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Márta Sebestyén: I Can See the Gates of Heaven...: Hungarian Religious And Secular Songs

Track List

>Vision: I Have Walked on Mountains and Valleys/Mary's Lullaby
>Heritage: Overtone Chanting/Sola Wujestet/A Lovely Hill Turns Blue/The Clouds Are Blowing
>Flower Gatherers
>Driving Away Sorrow: If You Too, Laci.../'Goat-like' Dance
>Invocation: Oh Saint Stephen/Don't Let Me Fall, Almighty God
>Valiant Knights: Rare Hungarian Dance Melody/Farewell to the Reigning Prince/Jumping Dance/Hey Rákóczi, Bercsényi, Bezerédi/The
>Good King Matthias: Good King Matthias/Troubadour Melody/Couple Dance
>Evening Prayer: Kyrie/The Shining Sun Has Already Gone to Rest/Gloria
>[CD-ROM Track]

Album Remarks & Appraisals:

Marta Sebestyen is one of the most critically acclaimed and commercially successful artists in world music. On I Can See the Gates of Heaven, Sebestyen sings songs personally chosen from the extensive Hungarian folk and religious repertoire -- songs that have close personal resonance for her and that reflect the proud cultural heritage of the Carpathians. Her accompanying musicians are two of Hungary's finest: Balazs Dongo Sokolay on bagpipes, flutes, saxophone and tarogato and Martyas Bolya on lute and zither.

Album Notes

Personnel: Márta Sebestyén (vocals, tin whistle, drums); Mátyás Bolya (zither); Szokolay Dongó Balázs (bagpipe, tarogato, saxophone).

Audio Mixer: János Horváth.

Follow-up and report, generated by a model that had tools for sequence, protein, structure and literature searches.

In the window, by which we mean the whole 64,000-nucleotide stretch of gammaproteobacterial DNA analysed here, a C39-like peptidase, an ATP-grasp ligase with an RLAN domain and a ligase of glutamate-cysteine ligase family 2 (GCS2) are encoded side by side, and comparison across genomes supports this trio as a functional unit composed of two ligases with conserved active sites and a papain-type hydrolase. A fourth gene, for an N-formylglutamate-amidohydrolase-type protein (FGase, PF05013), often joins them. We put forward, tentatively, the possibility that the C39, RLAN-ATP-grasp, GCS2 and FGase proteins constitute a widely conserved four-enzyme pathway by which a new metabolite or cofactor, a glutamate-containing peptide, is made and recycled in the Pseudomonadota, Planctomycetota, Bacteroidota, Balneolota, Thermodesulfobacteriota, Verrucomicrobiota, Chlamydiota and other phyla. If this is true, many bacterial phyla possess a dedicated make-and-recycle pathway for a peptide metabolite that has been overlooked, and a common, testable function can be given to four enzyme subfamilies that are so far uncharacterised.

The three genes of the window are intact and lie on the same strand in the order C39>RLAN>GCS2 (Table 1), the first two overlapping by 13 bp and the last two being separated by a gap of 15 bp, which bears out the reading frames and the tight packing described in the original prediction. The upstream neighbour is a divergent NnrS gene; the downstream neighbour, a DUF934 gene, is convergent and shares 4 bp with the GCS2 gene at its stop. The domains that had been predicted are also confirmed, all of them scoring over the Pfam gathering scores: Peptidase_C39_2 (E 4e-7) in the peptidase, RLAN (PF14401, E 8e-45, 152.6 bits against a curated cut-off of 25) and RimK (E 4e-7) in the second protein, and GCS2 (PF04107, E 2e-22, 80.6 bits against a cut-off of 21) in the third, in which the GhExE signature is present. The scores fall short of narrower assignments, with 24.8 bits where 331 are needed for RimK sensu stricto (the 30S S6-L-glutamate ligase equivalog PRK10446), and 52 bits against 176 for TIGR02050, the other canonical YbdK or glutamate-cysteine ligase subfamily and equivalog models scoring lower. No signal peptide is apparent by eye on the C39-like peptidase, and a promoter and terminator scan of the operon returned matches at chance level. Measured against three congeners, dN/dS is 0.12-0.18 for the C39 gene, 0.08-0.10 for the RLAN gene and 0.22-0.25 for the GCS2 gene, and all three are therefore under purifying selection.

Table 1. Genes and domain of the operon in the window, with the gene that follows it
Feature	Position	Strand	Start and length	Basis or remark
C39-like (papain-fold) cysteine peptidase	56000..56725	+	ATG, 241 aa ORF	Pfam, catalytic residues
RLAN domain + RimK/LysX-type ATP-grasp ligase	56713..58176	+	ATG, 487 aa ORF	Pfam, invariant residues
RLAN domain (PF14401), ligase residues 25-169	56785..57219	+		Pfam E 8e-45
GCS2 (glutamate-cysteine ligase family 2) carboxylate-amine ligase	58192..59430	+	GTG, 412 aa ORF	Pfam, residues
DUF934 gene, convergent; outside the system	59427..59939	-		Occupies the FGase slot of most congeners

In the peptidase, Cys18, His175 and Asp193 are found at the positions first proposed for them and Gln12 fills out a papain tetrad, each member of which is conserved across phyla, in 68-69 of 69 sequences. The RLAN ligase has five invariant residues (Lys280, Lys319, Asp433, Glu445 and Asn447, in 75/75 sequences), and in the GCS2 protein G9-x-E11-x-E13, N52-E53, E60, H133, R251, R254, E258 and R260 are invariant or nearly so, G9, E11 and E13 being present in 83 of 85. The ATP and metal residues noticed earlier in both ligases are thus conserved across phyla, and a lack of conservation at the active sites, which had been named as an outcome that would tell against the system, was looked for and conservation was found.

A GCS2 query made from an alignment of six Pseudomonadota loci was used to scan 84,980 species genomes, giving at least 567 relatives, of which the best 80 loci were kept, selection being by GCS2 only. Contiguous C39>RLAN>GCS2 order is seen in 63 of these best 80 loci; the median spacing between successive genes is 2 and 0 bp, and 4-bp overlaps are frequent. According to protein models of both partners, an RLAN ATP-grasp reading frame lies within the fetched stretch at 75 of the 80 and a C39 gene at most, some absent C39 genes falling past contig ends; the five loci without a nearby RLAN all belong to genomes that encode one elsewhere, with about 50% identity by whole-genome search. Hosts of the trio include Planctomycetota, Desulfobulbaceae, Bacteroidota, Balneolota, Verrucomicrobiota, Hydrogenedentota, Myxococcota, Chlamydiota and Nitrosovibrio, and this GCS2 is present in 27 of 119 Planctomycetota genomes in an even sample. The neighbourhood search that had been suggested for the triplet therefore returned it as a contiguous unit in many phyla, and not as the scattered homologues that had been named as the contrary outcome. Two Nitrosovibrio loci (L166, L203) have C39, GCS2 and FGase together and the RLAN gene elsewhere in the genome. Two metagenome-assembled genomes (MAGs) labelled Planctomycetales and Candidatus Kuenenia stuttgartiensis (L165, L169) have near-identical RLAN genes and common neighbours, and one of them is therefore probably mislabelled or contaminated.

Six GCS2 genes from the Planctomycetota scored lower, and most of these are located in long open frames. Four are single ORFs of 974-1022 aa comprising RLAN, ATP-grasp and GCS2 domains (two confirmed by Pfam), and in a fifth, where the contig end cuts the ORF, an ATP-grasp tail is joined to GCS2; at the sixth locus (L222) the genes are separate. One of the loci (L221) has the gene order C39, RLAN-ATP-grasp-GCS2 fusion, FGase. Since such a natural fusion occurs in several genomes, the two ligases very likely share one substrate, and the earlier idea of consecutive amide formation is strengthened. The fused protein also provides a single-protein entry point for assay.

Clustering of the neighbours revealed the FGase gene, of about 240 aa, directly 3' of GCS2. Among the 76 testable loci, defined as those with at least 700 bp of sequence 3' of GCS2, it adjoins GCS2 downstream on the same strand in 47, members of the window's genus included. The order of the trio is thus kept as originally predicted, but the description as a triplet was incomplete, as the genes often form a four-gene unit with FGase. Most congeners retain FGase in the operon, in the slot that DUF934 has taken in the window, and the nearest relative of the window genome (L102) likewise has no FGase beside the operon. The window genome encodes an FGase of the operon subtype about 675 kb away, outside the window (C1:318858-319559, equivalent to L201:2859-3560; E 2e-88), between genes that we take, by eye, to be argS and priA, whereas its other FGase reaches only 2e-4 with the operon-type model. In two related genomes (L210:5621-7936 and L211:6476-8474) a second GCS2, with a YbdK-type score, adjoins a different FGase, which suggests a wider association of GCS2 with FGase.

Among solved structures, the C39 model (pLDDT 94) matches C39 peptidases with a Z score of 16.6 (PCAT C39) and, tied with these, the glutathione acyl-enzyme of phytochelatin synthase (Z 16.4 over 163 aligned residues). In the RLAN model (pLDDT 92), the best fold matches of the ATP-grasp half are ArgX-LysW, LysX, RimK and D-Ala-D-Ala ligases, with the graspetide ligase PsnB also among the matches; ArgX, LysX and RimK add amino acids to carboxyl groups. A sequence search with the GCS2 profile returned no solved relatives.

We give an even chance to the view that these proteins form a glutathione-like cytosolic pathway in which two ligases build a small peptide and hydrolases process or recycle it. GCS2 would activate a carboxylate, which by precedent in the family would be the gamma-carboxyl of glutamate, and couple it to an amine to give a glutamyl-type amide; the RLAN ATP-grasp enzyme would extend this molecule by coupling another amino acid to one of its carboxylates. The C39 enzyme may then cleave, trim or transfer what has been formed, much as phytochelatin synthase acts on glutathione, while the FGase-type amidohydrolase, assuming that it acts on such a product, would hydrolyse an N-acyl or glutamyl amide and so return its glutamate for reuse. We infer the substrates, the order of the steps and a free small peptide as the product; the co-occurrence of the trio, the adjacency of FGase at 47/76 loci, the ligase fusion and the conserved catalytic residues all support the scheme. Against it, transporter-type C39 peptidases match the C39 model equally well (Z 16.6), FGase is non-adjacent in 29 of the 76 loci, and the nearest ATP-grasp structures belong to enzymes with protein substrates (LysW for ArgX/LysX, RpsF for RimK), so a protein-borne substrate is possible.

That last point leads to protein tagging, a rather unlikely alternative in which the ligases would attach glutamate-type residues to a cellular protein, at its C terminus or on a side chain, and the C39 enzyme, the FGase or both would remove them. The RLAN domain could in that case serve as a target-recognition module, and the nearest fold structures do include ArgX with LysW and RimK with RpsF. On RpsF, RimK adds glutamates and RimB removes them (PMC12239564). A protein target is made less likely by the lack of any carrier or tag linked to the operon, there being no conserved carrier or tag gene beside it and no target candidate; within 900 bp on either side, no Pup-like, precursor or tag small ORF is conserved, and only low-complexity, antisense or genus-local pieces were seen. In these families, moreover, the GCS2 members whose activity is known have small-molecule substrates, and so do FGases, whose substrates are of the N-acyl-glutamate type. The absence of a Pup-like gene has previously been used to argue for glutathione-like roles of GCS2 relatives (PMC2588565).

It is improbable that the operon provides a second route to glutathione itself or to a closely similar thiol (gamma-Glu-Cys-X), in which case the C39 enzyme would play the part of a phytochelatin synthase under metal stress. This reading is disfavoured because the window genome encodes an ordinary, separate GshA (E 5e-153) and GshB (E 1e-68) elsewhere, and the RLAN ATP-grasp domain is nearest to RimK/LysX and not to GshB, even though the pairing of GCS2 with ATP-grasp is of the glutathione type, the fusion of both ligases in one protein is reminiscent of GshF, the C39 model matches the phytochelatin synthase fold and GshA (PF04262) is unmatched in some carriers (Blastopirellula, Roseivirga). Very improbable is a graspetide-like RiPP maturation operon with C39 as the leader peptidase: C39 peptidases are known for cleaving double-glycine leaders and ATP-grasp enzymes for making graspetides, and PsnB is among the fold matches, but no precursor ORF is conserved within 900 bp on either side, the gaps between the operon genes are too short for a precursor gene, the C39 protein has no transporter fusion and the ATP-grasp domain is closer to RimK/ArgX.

Liner Note Authors: Ferenc Sebo; Márta Sebestyén.

Photographers: Zoltán Vancsó; György Szomjas; Róbert László Bácsi; László Perger.

Translator: Laurence Quinnell.

Márta Sebestyén is best known for her work with Muzsikás as well as for her contribution to the soundtrack of The English Patient, but the Hungarian singer has released a number of solo discs. This is a very worthy addition to her canon. With Sebestyén accompanied by two multi-instrumentalists on a range of instruments (eight of them) as well as her own whistle and drum playing, this is far less stripped-down than it might seem. There's a fullness to her singing and to the arrangements that makes these songs leap out of the speakers. The music is a mix of secular and religious songs from Sebestyén's homeland, all traditional and largely kept alive by the oral tradition. These versions do offer a reinvention of sorts, taking them out of their old, largely a cappella context, but they keep close to the raw heart of the material, finding the sharp beauty of the songs. It's been too long since Márta Sebestyén issued a disc, so that makes this glittering return doubly welcome. ~ Chris Nickson


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